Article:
By Mike Enzi
U.S. Senator 

A year of hard work pays off in Washington, D.C.


December 24, 2019

The story of our country is often told by the decades that define it. With the end of this decade so close at hand, it can often be tempting to imagine what the last ten years will be remembered for. Or for that matter, the last year alone. For me, 2019 will be remembered by the people I had the pleasure to meet, businesses I had the opportunity to visit and the projects I have had the privilege to work on. Between spending time in our nation’s capital and back home in Wyoming, I’ve been able to meet with hundreds of workers and families from Wyoming to discuss the current issues that are important to us.

One of my proudest achievements this year was passing the Bipartisan Congressional Budget Reform Act out of the Senate Budget Committee. This legislation was truly historic because this is the first reform of our nation’s budgeting process to pass out of committee since 1990. This bill will take several positive steps toward a more active, thoughtful and functional budget process. While our economy is strong, our current federal deficit is on an unsustainable path. Tax dollars should be spent in a responsible manner. America has a spending problem, not a revenue problem, and this bill would help make sure the federal government is budgeting more efficiently.

I was also proud that the president signed my legislation into law that would protect bow owners traveling through national parks.

It is important that Congress is able to provide common-sense protection for law-abiding citizens who need to travel across national parks to get to the land where they intend to bow hunt.

Senate Republicans have also been working hard to confirm a record number of judges.

In less than three years of working with President Trump, the Senate has confirmed 50 circuit judges, more than any president’s first full term in 40 years.

A new passion I came across this year was the Veterans History Project, which allowed me to meet and say thank you to many veterans across our state who sacrificed so much for our country. I hosted a Veterans History Project Day in Cheyenne with the Library of Congress where I met some extraordinary people. The Librarian of Congress Dr. Carla Hayden even made the trip out to Wyoming – her first time. Wyoming is home to thousands of veterans, and this is a unique project that works to collect and save stories of service from veterans.

On this project day we were able to record dozens of stories with the help of local volunteers. I even recorded one of my own stories that will be submitted to the collection. I remember a veteran who was interviewed by his adult kids, and at the end, those kids were surprised at the history they did not know about their dad. Each veteran is important and every story is unique. Our veterans are at the heart of our country and it’s important that we honor and remember their service.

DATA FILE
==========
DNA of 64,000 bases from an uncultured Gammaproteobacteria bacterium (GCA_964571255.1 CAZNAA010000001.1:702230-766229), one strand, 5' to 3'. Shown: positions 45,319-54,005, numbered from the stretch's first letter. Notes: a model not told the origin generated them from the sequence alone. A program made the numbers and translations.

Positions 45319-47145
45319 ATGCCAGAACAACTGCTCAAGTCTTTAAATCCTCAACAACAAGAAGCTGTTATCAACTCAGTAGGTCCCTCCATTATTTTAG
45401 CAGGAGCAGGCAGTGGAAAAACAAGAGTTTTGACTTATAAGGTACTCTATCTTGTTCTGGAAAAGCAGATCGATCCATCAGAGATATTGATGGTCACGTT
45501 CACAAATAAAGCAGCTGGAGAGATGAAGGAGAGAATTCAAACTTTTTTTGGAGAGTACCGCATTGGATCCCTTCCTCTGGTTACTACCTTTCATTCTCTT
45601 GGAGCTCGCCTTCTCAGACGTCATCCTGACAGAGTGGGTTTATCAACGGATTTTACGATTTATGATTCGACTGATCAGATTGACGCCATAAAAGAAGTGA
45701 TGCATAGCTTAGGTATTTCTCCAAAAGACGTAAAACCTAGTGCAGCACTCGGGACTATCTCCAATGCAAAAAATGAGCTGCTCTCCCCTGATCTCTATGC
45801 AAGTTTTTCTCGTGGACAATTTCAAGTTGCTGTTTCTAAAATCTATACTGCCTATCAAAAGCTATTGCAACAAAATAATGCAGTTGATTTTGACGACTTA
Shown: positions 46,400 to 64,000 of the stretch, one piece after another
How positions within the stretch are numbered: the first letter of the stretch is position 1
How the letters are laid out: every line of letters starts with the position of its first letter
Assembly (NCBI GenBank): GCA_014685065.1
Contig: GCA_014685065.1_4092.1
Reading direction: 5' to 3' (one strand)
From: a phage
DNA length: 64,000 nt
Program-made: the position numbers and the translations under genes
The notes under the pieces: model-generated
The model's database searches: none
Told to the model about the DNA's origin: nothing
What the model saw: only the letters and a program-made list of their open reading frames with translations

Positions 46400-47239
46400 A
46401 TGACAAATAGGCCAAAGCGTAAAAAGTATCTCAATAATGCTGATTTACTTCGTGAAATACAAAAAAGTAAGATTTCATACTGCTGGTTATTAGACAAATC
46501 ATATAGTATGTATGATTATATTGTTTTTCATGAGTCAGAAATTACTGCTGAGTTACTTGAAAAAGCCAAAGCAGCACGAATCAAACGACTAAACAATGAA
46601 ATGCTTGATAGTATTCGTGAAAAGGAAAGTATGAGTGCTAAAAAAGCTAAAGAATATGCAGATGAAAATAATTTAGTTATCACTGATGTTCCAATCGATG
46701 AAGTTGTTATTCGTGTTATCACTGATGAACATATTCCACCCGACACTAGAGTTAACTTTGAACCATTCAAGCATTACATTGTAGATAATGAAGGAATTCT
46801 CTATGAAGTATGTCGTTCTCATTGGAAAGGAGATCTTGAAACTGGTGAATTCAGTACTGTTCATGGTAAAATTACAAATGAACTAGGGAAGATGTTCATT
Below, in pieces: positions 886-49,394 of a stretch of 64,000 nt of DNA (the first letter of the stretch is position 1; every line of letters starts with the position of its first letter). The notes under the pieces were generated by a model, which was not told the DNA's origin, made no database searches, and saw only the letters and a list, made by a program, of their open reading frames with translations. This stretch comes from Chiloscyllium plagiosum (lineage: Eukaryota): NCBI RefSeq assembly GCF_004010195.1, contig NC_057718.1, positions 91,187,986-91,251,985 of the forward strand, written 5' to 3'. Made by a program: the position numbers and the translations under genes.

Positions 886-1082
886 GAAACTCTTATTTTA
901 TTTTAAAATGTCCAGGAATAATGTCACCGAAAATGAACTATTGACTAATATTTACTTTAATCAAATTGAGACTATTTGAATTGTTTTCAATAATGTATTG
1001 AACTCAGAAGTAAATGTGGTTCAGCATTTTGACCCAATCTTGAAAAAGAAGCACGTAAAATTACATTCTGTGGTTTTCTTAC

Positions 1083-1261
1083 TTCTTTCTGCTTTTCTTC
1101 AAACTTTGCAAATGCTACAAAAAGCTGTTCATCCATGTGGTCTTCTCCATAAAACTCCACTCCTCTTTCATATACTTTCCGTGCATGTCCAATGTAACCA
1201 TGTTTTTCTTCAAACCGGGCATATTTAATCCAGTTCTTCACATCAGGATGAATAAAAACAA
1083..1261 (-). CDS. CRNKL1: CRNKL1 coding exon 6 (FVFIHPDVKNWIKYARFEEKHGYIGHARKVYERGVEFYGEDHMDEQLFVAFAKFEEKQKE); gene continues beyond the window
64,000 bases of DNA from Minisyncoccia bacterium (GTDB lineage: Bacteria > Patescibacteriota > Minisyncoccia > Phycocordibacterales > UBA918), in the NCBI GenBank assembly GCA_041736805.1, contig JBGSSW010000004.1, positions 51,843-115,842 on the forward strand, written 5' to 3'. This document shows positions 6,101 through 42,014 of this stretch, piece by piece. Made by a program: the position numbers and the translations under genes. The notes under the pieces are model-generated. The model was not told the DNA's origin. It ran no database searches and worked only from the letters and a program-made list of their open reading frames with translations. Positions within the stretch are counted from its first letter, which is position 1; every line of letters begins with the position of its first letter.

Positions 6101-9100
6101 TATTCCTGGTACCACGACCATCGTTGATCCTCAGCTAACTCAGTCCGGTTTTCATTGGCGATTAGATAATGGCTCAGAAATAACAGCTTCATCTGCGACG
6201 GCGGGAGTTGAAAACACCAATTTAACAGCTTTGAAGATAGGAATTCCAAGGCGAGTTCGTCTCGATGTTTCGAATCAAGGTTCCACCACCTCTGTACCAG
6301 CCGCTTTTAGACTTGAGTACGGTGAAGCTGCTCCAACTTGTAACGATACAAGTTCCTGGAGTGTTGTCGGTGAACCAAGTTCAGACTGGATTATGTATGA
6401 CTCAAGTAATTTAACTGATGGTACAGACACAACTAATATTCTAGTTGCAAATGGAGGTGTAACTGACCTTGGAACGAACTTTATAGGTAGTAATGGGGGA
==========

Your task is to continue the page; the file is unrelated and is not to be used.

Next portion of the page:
Toward the end of the year I hosted my annual Inventors Conference in Evanston where I brought together business experts and inspiring entrepreneurs.

This year, I was also able to bring more of Wyoming’s leadership to Washington. For a Senate Budget Committee hearing on fixing the broken budget process, I invited a longtime friend, Wyoming State Senator Eli Bebout of Riverton, to come showcase the success of Wyoming’s biennial budgeting system. Another Wyoming native, Rob Wallace, was confirmed to be the assistant secretary for Fish, Wildlife, and Parks within the Department of Interior, and I was honored to introduce him at his confirmation hearing in the Senate last June. Wyoming is filled with driven and hardworking people who lead the way in everything they do.

This has also been a bittersweet year as I announced in May that I would not plan to run for reelection in 2020. So far, I have served in the U.S. Senate for close to 23 years.

During my life I’ve followed my mom’s advice, my core values: Do what’s right. Do your best. Treat others as they want to be treated. This job has been an honor of a lifetime and I give my deepest thanks and appreciation to the people of Wyoming for the privilege that you have given me to represent you in so many different ways.

But I still have one year left in this job and I plan to continue being the workhorse for Wyoming you expect me to be. This coming year will be focused on completing what’s been started and continuing to solve more problems for Wyoming. As you reminisce on your own year, don’t forget to look forward and set your own goals and priorities.

Now, let’s get to work.


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